The Pomodoro Technique
The Pomodoro technique was invented by Francesco Cirillo, and it is called the Pomodoro technique because he used such a beautiful kitchen timer in the shape of a tomato as a timer.
The technique is very simple:
You work in 'Pomodoro's': these are time blocks of 25 minutes. You set a timer (that could just be a timer on your phone or computer) and you get to work
When the timer goes off, take a five minute break
You set the timer again for 25 minutes and go to work undistracted.
After four pomodoros you take a longer break, 20 – 25 minutes.
There are a few "rules":
You don't get distracted by other things while working on a Pomodoro.
You work on one task and do nothing else.
If you get distracted, reset the timer and start over.
If you find this difficult, put your phone on airplane mode.
During your break you really take some distance from your work.
You go for a walk, make coffee, talk to a colleague, leaf through a magazine: whatever.
But you are not busy with work.
You either do it or you don't.
If you get distracted, reset your timer and start over.
Teach yourself to work on a task continuously for 25 minutes.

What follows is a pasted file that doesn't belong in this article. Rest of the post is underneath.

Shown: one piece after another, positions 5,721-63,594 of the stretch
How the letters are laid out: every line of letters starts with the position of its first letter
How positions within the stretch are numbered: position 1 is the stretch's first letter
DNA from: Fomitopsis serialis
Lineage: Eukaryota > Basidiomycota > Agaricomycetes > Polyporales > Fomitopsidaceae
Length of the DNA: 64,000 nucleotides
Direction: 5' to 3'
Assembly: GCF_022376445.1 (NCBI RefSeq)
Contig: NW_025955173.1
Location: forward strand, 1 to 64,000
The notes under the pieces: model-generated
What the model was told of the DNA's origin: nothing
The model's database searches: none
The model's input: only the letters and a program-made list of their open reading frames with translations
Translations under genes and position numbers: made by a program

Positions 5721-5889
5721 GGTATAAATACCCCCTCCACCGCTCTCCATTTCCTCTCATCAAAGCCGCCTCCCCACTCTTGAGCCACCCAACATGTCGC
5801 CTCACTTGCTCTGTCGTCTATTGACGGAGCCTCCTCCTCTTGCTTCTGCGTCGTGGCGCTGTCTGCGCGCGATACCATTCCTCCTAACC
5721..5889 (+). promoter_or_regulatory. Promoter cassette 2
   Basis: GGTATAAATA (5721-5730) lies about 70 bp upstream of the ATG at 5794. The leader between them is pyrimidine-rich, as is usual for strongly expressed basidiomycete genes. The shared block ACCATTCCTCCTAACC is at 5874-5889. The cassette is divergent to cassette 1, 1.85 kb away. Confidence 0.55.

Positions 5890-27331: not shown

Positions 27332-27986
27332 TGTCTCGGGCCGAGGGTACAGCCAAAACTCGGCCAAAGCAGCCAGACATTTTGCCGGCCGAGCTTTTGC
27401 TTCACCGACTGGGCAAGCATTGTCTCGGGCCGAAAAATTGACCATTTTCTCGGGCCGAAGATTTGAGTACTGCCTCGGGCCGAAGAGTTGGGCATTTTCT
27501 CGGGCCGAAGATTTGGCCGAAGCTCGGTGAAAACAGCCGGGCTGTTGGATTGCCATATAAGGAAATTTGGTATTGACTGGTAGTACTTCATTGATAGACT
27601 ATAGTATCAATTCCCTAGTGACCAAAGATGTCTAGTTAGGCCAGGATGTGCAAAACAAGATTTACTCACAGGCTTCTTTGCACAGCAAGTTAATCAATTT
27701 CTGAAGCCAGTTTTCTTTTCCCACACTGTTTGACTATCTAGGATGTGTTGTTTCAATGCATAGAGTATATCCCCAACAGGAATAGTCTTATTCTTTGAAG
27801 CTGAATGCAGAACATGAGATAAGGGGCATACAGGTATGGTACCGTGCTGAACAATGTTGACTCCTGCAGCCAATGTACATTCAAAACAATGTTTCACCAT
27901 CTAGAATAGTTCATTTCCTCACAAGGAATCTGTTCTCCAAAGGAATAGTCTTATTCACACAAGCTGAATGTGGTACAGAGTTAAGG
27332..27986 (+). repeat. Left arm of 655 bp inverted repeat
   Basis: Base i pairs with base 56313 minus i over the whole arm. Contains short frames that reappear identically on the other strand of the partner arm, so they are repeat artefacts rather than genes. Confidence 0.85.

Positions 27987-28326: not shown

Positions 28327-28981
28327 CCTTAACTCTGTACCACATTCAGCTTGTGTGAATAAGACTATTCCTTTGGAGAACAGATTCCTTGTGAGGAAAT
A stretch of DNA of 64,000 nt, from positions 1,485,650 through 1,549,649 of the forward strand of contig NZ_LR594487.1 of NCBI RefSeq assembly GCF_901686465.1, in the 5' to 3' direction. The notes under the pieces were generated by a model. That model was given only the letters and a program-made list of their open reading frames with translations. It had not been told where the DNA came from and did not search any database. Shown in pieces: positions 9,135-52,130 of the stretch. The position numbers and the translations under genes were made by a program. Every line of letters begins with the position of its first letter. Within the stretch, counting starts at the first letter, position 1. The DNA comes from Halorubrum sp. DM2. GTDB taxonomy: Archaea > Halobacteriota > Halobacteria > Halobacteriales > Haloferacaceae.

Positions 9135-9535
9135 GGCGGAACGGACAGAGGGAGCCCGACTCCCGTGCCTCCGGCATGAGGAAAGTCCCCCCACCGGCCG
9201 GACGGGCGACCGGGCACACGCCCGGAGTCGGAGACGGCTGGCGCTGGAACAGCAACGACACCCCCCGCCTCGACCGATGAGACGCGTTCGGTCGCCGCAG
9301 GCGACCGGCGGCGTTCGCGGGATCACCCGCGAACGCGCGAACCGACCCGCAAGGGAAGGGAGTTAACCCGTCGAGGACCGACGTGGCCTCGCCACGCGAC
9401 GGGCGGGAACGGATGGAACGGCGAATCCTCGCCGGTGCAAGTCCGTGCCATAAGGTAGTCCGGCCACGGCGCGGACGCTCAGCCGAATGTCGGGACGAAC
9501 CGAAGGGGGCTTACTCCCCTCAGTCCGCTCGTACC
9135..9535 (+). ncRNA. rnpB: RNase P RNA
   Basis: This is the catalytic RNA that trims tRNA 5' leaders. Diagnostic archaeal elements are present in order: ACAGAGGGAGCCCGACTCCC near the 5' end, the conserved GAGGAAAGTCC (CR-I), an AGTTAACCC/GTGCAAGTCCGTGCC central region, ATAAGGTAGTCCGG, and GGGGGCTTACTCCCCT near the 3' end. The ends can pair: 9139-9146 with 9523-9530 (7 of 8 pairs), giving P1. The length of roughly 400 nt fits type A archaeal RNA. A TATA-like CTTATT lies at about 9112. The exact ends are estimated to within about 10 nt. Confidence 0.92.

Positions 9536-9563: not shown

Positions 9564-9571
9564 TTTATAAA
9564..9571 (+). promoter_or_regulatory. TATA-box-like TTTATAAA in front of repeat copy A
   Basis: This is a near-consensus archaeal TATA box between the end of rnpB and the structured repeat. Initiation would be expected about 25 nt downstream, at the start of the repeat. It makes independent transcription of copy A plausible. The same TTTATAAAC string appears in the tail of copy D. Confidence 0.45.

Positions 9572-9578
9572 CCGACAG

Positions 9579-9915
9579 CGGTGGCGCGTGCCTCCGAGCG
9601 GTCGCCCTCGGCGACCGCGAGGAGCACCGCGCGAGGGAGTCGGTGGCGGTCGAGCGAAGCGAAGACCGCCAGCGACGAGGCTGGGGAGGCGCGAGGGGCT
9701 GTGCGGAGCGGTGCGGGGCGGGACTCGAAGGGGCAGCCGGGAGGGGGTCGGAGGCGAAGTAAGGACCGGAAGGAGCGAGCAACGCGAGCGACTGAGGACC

That is it. Simple, right?
I used the Pomodoro technique years ago, but have started to use it enthusiastically again since I use a planner on a daily basis.
This planner uses to do lists that you complete with this technique.
You make an estimate in advance of how many Pomodoros you think you will spend on a task, and then you enter how much time it actually took.
Working with this technique ensures that I work really well focused and concentrated and that I get into a flow faster.
I work without distraction.
No WhatsApp, not even checking Instagram, no: just concentrated on working for 25 minutes without switching.
You work towards that five-minute break: that literally and figuratively gives you some breathing space in your work.
Because you take a really good break, even if it is only five minutes, you clear your head and you can get back to work focused.
I am much more productive!
This technique works for a lot of different types of work, and it's really useful for studying too.